@Gababa88 sorry I haven't read this whole thread. I think Mat is about right about the position. A lecturer position will likely be on a fixed-term contract. Often universities here hire Lecturers on a part-time basis, which would not be good for you as you need to be sponsored for a visa (right?), but there are full-time Lecturer positions, too. Lecturers generally do the bulk of the teaching work and it is not a tenured track position, but once you got your foot in the door with a particular department, you would be able to keep your eyes out for better, more senior positions to move up (like a tenured track position or a Research Assistant Professor position).
I think if you're working in a university environment, you'll have good chances to meet a variety of like-minded people, so socially it can be very good for you on the whole. I have found university departments, though, to be a little cold and antisocial. Very professional and down-to-business, not getting lunch together, etc. But you can change this, too, and this was just my experience and not always the case! The bureaucracy churning the wheels of the academic institutions here can be an absolute nightmare at times, so don't expect to get questions answered clearly, but things will still chug along regardless. This problem can sometimes be down to a language barrier (for me), so not sure if someone has some ability with Mandarin would have fewer problems.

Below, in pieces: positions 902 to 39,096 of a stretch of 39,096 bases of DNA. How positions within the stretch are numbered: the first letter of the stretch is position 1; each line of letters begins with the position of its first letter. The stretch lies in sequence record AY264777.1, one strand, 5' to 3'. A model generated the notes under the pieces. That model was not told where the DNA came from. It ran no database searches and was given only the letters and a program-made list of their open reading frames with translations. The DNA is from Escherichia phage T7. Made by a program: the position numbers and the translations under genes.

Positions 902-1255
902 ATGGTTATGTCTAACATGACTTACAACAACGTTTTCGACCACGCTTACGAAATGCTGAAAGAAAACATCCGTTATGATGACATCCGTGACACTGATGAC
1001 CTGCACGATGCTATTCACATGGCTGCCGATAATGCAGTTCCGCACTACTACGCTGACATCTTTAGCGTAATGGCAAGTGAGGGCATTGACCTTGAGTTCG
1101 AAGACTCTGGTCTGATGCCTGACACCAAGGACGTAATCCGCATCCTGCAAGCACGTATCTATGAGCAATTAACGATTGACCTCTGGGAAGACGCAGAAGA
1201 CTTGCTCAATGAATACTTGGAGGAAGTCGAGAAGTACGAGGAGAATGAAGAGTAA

As an expat, not-single woman, I have found it easier to get out and socialize in Hong Kong compared to other cities, because there is a population of several hundred thousand in this boat. No matter what stereotypes are true or not, there are plenty of opportunities to do different things here. Yes, there are still some old-fashioned ideas about male roles, both in the workplace and in personal situations, and I've been surprised how commonly people still refer to things like: "When the housewife goes shopping, she can... ". I think you'll encounter that, too, in your profession, like others have mentioned.
It's a crowded place, though. Must have a tolerance for crowds and lack of spacious areas, but if you have access to a family condo in Stanley it sounds like you're off to a good start, heh...